In lieu of an abstract, here is a brief excerpt of the content:

  • Editors’ Introduction
  • Mary Holcomb, Co-Editor and Yoshi Suzuki, Co-Editor

The Summer 2016 issue is a special themed issue on the advancement of middle-range theory (MRT) in transportation, logistics, and supply chain. Unlike grand theories that are used to describe, explain, and predict phenomena at a very high level, the goal of MRT is to examine a problem in order to discover a useful application that helps to solve that problem. It is a critical bridge between practice and theory. Furthermore, because MRT is context specific, it enhances the practical relevance of research. Yet, our initial search indicated that we have lagged in the development of MRT in transportation, logistics, and supply chain management research. This assessment is reinforced in the lead article by Craighead, Ketchen, and Cheng, who state that middle-range theory needs more attention in order to make it more salient and prominent in supply chain research. The authors use theoretical contextualization as a lever that can be utilized in top-down and bottom-up strategies to develop MRT. Four emerging topics are used by Craighead, Ketchen, and Cheng to describe how this lever contextualizes theoretical constructs and relationships in practice.

The second article in this issue, by Douglas and Swartz, contributes to the development of MRT by using a multimethod approach to examine the issue of truck driver safety. The authors utilized a qualitative method to understand important contextual factors that, when overlaid with extant psychosocial behavioral models post hoc, led to the development of a more integrated and comprehensive theoretical framework. The framework facilitated the creation of a program for hiring and retaining safe drivers. This is a primary goal of MRT—to study a problem for the purpose of having some useful application that helps to solve the problem.

As any supply chain or logistics student learns early in their studies, theory suggests that transportation and inventory polices are often viewed as offsetting policies. Yet research by Swanson, Williams, Gu, and Waller suggests that theory does not translate to practice. The authors’ analysis of aggregate transportation and inventory costs in the United States indicate that rather than offset each other these two policies are in long-term equilibrium. Furthermore, the results of their research indicate that while inventory policies are adjusted for changes in transportation cost, the opposite is not true. While most research has examined these costs at a firm level, this study utilizes an aggregate measurement approach. This novel approach uncovered the need for future research to [End Page v] explicitly integrate economic theory more strongly into logistics theory and practice.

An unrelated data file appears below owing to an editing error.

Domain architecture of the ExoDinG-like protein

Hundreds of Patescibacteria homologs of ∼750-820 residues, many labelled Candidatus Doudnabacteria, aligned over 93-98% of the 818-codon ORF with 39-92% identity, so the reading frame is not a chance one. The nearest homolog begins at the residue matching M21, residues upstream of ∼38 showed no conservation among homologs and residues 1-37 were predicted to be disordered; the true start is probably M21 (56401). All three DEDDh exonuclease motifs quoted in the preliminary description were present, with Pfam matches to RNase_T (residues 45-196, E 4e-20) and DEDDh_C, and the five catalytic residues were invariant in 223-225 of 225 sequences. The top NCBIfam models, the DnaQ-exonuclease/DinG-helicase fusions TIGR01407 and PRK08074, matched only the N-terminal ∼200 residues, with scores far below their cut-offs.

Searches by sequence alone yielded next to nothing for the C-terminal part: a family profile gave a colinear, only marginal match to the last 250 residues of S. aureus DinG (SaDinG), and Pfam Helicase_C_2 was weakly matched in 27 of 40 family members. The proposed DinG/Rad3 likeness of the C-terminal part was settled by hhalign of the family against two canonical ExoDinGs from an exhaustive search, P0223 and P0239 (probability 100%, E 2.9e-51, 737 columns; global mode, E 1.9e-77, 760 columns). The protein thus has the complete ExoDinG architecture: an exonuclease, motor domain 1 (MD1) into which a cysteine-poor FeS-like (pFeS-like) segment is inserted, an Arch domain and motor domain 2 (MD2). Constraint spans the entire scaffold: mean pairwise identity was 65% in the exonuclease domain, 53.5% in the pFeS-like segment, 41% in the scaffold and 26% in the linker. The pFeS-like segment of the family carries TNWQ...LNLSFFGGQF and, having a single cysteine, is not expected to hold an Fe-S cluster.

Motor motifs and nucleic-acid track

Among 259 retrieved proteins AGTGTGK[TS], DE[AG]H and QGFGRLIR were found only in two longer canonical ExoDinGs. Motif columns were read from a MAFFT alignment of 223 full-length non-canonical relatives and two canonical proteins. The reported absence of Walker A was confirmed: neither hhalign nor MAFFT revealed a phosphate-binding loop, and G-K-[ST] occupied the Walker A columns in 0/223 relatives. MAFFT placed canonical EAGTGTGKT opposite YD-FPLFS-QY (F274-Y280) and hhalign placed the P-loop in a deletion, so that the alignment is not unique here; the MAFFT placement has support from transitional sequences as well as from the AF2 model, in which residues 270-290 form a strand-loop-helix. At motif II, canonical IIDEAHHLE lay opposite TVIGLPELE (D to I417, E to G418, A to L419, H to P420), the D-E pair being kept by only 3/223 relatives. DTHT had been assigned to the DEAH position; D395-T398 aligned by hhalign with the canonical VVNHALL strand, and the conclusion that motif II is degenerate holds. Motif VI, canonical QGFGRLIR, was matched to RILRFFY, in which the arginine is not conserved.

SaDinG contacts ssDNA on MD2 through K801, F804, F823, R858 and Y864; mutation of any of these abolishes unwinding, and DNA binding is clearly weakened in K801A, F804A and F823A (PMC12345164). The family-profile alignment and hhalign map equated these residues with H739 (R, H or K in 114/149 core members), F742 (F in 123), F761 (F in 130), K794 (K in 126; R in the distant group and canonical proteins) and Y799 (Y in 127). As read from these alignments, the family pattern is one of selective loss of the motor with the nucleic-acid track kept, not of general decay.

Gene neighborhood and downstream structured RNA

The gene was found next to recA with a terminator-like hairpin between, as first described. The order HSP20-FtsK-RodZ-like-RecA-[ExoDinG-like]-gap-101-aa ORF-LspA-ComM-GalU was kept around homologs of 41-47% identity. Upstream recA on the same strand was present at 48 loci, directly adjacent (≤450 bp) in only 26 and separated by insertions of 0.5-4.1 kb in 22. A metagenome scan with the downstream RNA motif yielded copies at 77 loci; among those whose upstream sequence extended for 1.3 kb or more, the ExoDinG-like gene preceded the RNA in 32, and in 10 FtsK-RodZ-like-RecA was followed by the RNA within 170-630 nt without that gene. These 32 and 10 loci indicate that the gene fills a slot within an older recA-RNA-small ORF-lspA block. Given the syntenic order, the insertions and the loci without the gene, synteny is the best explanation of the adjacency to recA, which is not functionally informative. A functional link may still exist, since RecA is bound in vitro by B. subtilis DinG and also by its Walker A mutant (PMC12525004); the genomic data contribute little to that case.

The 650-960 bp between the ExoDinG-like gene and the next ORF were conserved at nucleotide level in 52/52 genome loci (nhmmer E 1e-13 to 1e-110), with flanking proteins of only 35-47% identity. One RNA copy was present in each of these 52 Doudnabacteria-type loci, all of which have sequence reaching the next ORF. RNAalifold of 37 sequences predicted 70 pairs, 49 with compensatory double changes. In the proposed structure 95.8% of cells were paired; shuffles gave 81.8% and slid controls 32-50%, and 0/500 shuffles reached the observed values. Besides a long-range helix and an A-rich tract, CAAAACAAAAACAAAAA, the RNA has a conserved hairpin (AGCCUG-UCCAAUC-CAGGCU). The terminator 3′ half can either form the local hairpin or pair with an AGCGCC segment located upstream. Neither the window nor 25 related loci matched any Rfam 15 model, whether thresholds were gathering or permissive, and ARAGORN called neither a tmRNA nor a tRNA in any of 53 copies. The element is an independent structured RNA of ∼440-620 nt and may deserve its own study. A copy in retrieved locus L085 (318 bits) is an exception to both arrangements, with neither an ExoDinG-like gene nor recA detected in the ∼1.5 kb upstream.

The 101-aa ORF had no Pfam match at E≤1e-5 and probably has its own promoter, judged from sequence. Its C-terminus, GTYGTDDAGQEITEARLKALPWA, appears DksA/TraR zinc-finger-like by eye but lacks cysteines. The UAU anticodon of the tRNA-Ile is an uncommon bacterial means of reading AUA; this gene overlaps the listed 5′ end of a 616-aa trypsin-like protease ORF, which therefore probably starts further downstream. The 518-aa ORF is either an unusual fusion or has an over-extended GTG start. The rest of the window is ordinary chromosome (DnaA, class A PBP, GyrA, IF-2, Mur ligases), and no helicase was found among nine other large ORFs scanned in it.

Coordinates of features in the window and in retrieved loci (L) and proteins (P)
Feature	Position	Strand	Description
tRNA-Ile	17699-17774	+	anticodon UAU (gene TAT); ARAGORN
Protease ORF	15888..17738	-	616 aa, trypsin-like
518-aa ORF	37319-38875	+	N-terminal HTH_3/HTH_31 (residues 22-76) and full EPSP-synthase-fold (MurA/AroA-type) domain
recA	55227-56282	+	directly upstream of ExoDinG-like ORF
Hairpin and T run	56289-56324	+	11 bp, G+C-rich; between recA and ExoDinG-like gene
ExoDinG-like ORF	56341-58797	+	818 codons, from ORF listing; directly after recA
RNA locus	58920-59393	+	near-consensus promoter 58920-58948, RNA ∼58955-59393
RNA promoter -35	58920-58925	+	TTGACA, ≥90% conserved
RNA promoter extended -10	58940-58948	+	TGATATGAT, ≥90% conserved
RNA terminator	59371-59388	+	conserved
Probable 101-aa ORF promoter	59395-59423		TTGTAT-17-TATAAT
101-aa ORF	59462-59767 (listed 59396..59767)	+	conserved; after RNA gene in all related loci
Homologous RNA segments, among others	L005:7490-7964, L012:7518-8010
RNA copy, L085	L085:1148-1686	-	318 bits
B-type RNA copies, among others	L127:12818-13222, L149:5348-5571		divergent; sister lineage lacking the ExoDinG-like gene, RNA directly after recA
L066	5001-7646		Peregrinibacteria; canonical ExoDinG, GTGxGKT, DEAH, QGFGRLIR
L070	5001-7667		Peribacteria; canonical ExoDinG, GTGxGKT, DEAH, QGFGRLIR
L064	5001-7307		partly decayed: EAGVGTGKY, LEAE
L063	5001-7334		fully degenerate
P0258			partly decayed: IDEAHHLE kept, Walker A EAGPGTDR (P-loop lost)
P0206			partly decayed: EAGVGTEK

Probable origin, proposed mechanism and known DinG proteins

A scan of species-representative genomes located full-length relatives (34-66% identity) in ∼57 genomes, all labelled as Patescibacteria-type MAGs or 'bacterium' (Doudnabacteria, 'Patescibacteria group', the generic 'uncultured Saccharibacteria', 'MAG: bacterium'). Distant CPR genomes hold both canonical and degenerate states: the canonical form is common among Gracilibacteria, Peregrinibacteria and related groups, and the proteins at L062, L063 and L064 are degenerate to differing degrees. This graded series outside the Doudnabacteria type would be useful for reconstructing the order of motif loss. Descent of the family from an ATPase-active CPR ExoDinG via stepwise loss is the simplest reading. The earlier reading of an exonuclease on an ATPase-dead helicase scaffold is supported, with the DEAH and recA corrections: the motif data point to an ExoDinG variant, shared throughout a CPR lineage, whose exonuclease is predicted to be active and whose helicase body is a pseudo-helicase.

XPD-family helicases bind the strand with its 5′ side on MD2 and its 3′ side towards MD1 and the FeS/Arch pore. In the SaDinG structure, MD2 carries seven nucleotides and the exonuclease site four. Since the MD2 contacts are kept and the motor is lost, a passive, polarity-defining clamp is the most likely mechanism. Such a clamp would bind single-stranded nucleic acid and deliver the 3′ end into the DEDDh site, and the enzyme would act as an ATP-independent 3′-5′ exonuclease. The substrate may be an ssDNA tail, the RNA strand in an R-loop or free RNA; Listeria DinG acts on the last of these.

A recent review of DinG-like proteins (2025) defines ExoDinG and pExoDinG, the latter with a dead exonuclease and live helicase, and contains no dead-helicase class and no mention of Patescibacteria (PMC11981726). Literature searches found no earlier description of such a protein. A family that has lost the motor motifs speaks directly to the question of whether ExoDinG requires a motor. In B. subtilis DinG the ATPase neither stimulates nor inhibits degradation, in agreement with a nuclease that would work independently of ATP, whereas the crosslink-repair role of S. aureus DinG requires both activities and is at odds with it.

Liu, Wang, Du, and Wang propose a collaborative mechanism between shipping lines and port operators that seeks to improve the overall efficiency of container transportation. The authors examine the problem by means of optimization approaches in which traditionally simulation modeling has been used to analyze the impact of a given schedule. Their novel approach to the problem led to the development of a practical and easy-to-implement structure that has the potential to reduce maritime supply chain costs significantly.

The Summer 2016 themed issue has one Industry Note by LeMay, Burns, and Hawkins that examines the airport bond rating system. Airport ratings have a long-term effect on multiple stakeholders. A change (either positive or negative) in the airport rating can affect the interest rate and subsequently impact the value of the bonds as an investment. The authors suggest that a critical factor lacking in the current rating structure is a travel model for measuring competition between airports. They submit that if the United States begins to reinvest in transportation infrastructure in the future, it will be even more important to fix this omission and uncover the “black boxes” that rating agencies use in their analyses.

In keeping with the theme for the special issue, The Roots of Logistics is the featured book for this edition. As Pellathy states in his review of this book, the collection of articles are an “illuminating primer on the theoretical underpinnings of our discipline.” Like many of us, we suspect that readers are not aware of this book, which provides an in-depth intellectual history of transportation, logistics, and supply chain management...


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pp. v-vii
Launched on MUSE
Open Access
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